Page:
"a. A discharge in bankruptcy shall release a bankrupt from all of his provable debts, whether allowable in full or in part, except such as (2) are liabilities for obtaining money or property by false pretenses or false representations, or for obtaining money or property on credit or obtaining an extension or renewal of credit in reliance upon a materially false statement in writing respecting his financial condition made or published or caused to be made or published in any manner whatsoever with intent to deceive, or for willful and malicious conversion of the property of another; . . . "

    In dealing with a case of this kind the Court is guided by the maxim that exceptions to discharge are construed liberally in favor of the debtor and strictly against the creditor's objections. In re: Knight, 421 F. Supp. 1387 (M.D.La.1976) affirmed 551 F.2d 861 and 862 (5th Cir. 1977); In re: Dolnick, 374 F. Supp. 84 (N.D.Ill. 1974). The party objecting to dischargeability has the burden of proof, admittedly a hard one to shoulder. Rule 407 of the Bankruptcy Rules.

    Each of the elements of Section 17(a)(2) must be satisfied before a court can determine that a debt is nondischargeable. In re: Mitchell, 1 BCD 1273 (N.D.Ga.1975). A creditor must prove that: (1) the debtor made representations; (2) at the time he knew they were false; (3) the representations were made with the intention and purpose of deceiving the creditor; (4) the creditor relied on such representations; and (5) the creditor sustained the alleged loss and damage as a proximate result of the representations having been made. In re: Houtman, 568 F.2d 651 (9th Cir. 1978); In re: Hemphill, 1 BCD 1181 (N.D.Ga.1975); In re: Mathis, 1 BCD 35 (N.D.Ga.1973).

    Debtor's signature appears on both the February and May loan applications beneath a printed statement which reads, "I hereby certify the foregoing statements to be true, accurate and complete to the best of my knowledge and belief, and are given as an inducement to Maco Federal Credit Union to make the requested loan . . ." It cannot be argued that these applications are not written representations made by Debtor concerning his financial condition.

    Plaintiff argues that the loan application of February 2, 1978 is false for the reason that Debtor failed to disclose all of his debts and for the reason that the loan proceeds were not used for the stated purposes for which the loan was obtained.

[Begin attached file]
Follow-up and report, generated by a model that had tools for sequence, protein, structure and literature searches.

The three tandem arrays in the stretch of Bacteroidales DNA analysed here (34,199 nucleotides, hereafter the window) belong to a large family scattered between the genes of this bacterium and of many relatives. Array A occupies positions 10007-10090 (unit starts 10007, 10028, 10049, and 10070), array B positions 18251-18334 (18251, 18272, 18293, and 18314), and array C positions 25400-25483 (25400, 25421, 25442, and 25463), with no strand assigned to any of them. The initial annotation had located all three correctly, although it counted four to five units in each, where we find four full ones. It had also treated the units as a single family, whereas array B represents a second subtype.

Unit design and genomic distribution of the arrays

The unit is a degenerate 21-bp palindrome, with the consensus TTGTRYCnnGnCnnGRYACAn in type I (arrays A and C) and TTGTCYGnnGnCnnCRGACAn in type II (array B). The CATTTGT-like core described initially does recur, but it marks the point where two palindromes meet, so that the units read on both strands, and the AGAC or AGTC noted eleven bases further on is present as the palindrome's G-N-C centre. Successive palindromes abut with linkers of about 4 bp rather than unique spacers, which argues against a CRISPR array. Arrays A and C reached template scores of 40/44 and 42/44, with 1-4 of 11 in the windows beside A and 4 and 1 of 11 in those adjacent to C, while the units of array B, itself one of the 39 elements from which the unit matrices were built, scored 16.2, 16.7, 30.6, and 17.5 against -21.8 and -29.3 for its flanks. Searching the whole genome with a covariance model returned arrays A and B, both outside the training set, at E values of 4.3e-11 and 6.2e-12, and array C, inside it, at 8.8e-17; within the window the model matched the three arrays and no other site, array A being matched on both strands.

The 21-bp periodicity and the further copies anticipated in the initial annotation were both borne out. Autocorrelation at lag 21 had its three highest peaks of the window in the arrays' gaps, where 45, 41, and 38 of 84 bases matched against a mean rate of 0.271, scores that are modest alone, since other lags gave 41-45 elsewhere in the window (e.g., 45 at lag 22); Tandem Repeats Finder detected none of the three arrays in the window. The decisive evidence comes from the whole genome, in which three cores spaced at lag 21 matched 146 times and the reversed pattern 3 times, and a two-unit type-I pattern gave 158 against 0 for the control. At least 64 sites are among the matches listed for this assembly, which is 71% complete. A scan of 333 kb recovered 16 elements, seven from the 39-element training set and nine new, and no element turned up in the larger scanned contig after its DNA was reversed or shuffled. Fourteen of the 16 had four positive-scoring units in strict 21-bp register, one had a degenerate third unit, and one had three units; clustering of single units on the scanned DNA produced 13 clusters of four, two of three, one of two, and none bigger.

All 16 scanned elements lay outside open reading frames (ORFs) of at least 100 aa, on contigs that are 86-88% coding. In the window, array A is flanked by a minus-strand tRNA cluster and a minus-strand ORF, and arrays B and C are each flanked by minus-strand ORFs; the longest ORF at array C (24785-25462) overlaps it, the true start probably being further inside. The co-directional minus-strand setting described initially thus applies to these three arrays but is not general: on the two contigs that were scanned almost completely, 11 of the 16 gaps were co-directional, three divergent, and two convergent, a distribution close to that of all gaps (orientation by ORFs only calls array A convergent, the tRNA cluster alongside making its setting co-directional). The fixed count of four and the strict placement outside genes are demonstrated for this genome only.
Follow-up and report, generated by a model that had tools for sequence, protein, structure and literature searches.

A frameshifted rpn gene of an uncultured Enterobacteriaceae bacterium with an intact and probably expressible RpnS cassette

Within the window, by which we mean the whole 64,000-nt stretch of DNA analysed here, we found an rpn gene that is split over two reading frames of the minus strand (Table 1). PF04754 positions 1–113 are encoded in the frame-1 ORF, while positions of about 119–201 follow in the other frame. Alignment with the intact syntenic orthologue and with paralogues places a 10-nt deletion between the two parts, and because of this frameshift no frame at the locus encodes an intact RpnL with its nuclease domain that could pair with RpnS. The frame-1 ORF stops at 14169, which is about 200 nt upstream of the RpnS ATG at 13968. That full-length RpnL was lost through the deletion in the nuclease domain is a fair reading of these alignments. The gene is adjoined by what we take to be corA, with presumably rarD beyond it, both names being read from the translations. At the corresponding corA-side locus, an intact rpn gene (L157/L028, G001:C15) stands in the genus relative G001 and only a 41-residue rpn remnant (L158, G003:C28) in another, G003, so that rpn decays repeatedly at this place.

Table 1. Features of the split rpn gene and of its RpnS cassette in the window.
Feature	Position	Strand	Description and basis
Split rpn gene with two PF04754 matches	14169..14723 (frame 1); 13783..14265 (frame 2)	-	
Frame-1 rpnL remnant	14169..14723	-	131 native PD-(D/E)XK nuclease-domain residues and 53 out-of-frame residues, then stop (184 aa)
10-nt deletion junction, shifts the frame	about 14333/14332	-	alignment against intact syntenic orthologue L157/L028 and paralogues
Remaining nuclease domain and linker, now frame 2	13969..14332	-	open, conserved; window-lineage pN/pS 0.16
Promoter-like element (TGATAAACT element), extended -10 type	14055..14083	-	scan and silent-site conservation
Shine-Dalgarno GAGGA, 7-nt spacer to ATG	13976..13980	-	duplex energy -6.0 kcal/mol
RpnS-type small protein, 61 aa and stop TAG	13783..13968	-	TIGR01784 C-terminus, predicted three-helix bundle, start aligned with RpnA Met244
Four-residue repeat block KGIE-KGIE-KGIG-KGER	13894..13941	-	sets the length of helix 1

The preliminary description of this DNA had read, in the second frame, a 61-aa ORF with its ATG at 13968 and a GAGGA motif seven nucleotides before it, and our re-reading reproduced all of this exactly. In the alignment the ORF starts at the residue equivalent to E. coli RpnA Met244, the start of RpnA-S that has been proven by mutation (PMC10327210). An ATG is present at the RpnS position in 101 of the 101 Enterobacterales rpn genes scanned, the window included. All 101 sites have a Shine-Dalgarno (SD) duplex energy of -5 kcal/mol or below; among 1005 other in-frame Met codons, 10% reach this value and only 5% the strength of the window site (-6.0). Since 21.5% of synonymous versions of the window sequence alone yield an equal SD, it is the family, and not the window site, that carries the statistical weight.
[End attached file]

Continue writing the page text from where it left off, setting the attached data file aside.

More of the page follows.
It is also alleged that the loan application dated May 29, 1978 is false for the reason that Debtor induced Plaintiff to release the 1974 Buick as collateral knowing that the remaining collateral was insufficient to cover the loan and that its value had been impaired.

    This Court has examined the two loan applications and the bankruptcy schedules and has discovered significant omissions of obligations and understatements of amounts due to creditors in the loan applications.

    Omission of information from a financial statement may constitute a false representation if as a result of the omission the financial statement does not accurately reflect the debtor's financial condition. In re: Cross, 1 BCD 615 (N.D.Calif.1977). In In re: Pacheco, 2 BCD 1723 (D.Conn.1977) the discharge of a debt was denied where the debtor failed to disclose a substantial amount of his indebtedness. The same result was reached in In re: Mitchell, 1 BCD 1273 (N.D.Ga.1975), where the debtor had obtained property by means of a financial statement found by the Court to be replete *461 with inaccuracies, exaggerations and omissions.

    The Court concludes that the inaccuracies in and omissions from the two loan applications are such that a creditor relying thereon would not be apprised of Debtor's true financial condition.

    The other allegations concerning the falsity of these loan applications will be briefly addressed.